Jury Sought for 8 Corcoran Prison Guards
The federal trial of eight Corcoran prison guards accused of setting up inmate fights for “blood sport” opened Tuesday in U.S. District Court here, the first such case to delve into a controversial state practice that resulted in dozens of inmates’ being shot dead or wounded by guards since 1989.
The trial of the Corcoran Eight is one of the largest prosecutions of prison guards in California history and it unfolds in the state’s farm and prison belt.
In recent weeks, the state’s powerful prison guard union has been running TV spots depicting inmates as predators and Corcoran State Prison as the “toughest beat in the state.” Federal prosecutors have criticized the ads as a blatant attempt to influence potential jurors, a charge that the union denied.
With the eight guards seated side by side, their backs to the wall and their eyes fixed on prospective jurors in the packed courtroom, many of the citizens called as jurors Tuesday said they were all too familiar with Corcoran.
Some said they had followed national TV accounts of the case or worked in one of the region’s dozen state prisons or had family employed as correctional officers. “Their job is very hard,” one prospective juror told the judge, explaining why he might lean in favor of the accused officers.
During the six- to 10-week trial, jurors will be asked to scrutinize a now discarded state policy of mixing rival inmates in the same tiny recreation yards--and shooting at them when fistfights broke out.
More than 100 people, including the prison’s former warden, top corrections officials, whistle-blowing guards and inmates, are listed as potential witnesses in a case that has captured national attention and was brought to light by stories in the Los Angeles Times that exposed Corcoran as the deadliest prison in America.
From 1989 to 1994, seven inmates were shot dead at Corcoran and 43 others were seriously wounded by guards firing assault rifles to keep fistfights from turning deadly. The high-tech, maximum-security prison in the cotton fields of the San Joaquin Valley, housing inmates such as Charles Manson and Sirhan Sirhan, has been the subject of repeated state probes, but not one shooting generated scrutiny by state prosecutors. It wasn’t until the killing of inmate Preston Tate in April 1994 that whistle-blowers came forward and the FBI stepped in.
Four of the guards are accused of civil rights abuses and a cover-up in the death of Tate, a 25-year-old gang member from South-Central Los Angeles. Federal prosecutors have described the Tate shooting as a kind of gladiator day in which officers and their supervisors gathered in a control booth inside the prison’s Security Housing Unit to watch rival black and Mexican gang members fight.
If the combatants performed as expected and refused to quit brawling, prosecutors allege, guards would use the fight as a pretext to then fire deadly shots. “It is going to be duck hunting season,” one of the accused officers is alleged to have boasted as Tate was escorted to the exercise yard that day, according to prosecutors.
Sgt. John Vaughn, 44, officer Jerry Arvizu, 32, retired Lt. Douglas Martin, 54, and retired officer Christopher Bethea, 35, face potential life sentences if convicted of conspiring to violate Tate’s constitutional rights. Lt. Truman Jennings, 39, and officers Michael Gipson, 45, Timothy Dickerson, 40, and Raul Tavarez, 40, are accused of staging an unrelated fight between sworn enemies in the same exercise yard six weeks before Tate’s death. They face 10-year sentences if convicted.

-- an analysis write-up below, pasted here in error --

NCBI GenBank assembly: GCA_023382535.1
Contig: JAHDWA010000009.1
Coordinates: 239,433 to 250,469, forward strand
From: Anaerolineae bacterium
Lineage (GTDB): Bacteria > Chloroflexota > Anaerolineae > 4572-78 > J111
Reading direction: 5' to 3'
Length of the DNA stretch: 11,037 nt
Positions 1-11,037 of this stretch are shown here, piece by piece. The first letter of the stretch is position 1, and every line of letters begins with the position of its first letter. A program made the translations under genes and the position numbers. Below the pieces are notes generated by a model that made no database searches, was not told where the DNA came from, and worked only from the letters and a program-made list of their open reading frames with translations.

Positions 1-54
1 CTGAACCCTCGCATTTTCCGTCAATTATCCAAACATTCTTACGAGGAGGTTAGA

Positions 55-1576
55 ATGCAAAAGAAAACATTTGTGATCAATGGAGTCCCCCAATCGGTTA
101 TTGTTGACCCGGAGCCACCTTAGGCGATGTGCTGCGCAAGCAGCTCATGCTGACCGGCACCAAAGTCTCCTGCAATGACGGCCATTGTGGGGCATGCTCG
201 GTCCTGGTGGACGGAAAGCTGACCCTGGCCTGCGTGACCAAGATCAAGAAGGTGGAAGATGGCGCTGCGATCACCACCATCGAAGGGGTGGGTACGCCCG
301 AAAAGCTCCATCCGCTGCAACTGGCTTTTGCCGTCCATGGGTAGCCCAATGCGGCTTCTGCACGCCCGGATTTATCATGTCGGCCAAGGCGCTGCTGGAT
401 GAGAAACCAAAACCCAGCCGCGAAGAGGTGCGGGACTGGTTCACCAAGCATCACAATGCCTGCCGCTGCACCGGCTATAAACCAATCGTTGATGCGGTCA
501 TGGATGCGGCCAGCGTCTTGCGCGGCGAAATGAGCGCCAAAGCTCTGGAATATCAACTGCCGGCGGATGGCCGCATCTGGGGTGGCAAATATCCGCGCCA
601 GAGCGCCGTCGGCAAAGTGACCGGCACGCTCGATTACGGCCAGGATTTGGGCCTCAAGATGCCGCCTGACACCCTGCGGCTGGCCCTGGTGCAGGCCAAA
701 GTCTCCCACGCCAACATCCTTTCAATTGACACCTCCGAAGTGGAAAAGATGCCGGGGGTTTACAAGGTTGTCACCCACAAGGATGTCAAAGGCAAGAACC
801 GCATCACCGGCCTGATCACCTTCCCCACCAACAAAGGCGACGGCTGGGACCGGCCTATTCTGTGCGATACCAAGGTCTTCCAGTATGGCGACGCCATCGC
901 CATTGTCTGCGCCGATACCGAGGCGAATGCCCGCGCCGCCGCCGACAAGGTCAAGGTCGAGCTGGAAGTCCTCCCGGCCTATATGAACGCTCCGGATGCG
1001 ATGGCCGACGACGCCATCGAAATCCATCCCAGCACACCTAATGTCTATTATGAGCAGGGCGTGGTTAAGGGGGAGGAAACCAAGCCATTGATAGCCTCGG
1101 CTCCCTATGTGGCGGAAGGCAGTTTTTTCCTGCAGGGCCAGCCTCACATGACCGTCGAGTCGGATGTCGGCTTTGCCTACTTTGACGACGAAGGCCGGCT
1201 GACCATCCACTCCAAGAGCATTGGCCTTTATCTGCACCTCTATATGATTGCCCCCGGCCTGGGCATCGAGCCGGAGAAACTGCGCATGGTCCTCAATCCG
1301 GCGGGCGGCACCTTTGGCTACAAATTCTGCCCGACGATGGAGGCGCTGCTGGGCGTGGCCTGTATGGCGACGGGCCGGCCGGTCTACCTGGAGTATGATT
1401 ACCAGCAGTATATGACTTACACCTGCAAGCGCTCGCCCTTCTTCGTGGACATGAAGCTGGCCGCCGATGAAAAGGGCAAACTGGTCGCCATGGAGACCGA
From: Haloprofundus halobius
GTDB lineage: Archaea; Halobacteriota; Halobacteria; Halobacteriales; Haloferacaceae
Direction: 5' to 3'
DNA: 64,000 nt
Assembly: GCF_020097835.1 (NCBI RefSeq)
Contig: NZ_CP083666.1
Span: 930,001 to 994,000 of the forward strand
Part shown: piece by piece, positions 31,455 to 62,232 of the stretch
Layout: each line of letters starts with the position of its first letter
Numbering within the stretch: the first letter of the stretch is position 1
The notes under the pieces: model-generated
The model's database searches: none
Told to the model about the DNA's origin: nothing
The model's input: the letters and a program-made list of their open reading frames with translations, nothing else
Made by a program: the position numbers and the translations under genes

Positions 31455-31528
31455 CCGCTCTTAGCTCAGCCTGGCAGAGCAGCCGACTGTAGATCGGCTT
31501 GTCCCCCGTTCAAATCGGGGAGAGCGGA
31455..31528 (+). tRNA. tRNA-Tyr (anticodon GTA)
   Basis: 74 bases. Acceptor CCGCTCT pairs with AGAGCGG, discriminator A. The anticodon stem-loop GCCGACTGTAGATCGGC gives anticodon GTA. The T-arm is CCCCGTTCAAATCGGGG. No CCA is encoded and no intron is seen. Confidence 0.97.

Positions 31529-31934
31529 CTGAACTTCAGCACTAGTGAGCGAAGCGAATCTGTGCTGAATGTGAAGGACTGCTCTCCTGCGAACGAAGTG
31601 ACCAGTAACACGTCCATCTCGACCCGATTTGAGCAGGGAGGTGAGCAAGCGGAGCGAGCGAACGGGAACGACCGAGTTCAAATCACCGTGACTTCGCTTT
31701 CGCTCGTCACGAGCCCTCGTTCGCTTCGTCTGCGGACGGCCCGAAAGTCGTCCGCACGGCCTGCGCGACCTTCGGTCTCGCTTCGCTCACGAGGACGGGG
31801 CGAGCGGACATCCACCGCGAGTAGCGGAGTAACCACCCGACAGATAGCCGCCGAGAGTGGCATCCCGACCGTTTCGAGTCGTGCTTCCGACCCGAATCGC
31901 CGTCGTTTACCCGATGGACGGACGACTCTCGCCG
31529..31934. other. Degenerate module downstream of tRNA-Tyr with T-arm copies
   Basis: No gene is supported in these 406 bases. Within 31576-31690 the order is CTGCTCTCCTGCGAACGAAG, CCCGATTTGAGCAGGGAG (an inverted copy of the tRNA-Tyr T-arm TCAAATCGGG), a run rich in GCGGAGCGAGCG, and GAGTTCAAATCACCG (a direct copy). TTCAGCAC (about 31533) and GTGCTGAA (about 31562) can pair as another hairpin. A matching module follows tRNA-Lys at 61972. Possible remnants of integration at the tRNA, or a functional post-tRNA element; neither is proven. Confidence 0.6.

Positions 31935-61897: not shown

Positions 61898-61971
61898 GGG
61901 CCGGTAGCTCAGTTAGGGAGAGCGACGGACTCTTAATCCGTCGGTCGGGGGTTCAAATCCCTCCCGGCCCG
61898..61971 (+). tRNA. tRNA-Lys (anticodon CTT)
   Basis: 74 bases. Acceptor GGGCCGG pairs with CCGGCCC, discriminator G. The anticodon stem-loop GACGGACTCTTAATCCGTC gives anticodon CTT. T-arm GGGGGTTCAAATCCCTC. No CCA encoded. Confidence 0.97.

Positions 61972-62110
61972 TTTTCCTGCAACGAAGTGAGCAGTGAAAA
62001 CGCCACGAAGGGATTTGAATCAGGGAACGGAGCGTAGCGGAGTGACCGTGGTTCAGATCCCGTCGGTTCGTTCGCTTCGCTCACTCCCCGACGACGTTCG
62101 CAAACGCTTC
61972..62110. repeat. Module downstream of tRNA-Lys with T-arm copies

Defense attorneys say there is no evidence that any of the accused officers orchestrated either fight. They say the incidents were no different from countless other tragic but unintended incidents at Corcoran State Prison during the most violent years. Tate’s death, they say, was the result after officers at the Kings County prison followed orders and carried out a flawed integrated-yard policy handed down from corrections officials in Sacramento.
“There just isn’t any evidence of a setup,” said Curtis Sisk, a Fresno attorney representing Jennings. “It’s the inmates who decide when and how to fight. It’s the inmates who ultimately chose whether or not to go to [the] yard. It’s their agenda, not the officers’.”
State Stands Behind Officers
The state Department of Corrections is standing behind the officers and in recent years has promoted Jennings to the rank of lieutenant and Vaughn to be a special agent whose job includes investigating other officers.
Tate, a convicted rapist on the verge of parole, was shot and killed by Officer Bethea during a fight in the notorious 4 A, 4 Left block of the prison’s Security Housing Unit, known as the SHU. Corrections officials acknowledge that Tate was shot by mistake and that Bethea’s bullet was intended for a rival inmate attacking Tate. A state shooting review panel cleared Bethea of wrongdoing, but the state paid $825,000 to Tate’s family members in an out-of-court settlement last year.
Prosecutors allege that in the weeks and months before Tate’s killing, 4 A, 4 Left had become a veritable war zone, with fights breaking out several times a week between members of black and Mexican gangs. Guards knew in advance that the fights would occur and even communicated with superior officers about the would-be combatants, in part to get a head start on the necessary paperwork, several guards who became FBI witnesses allege.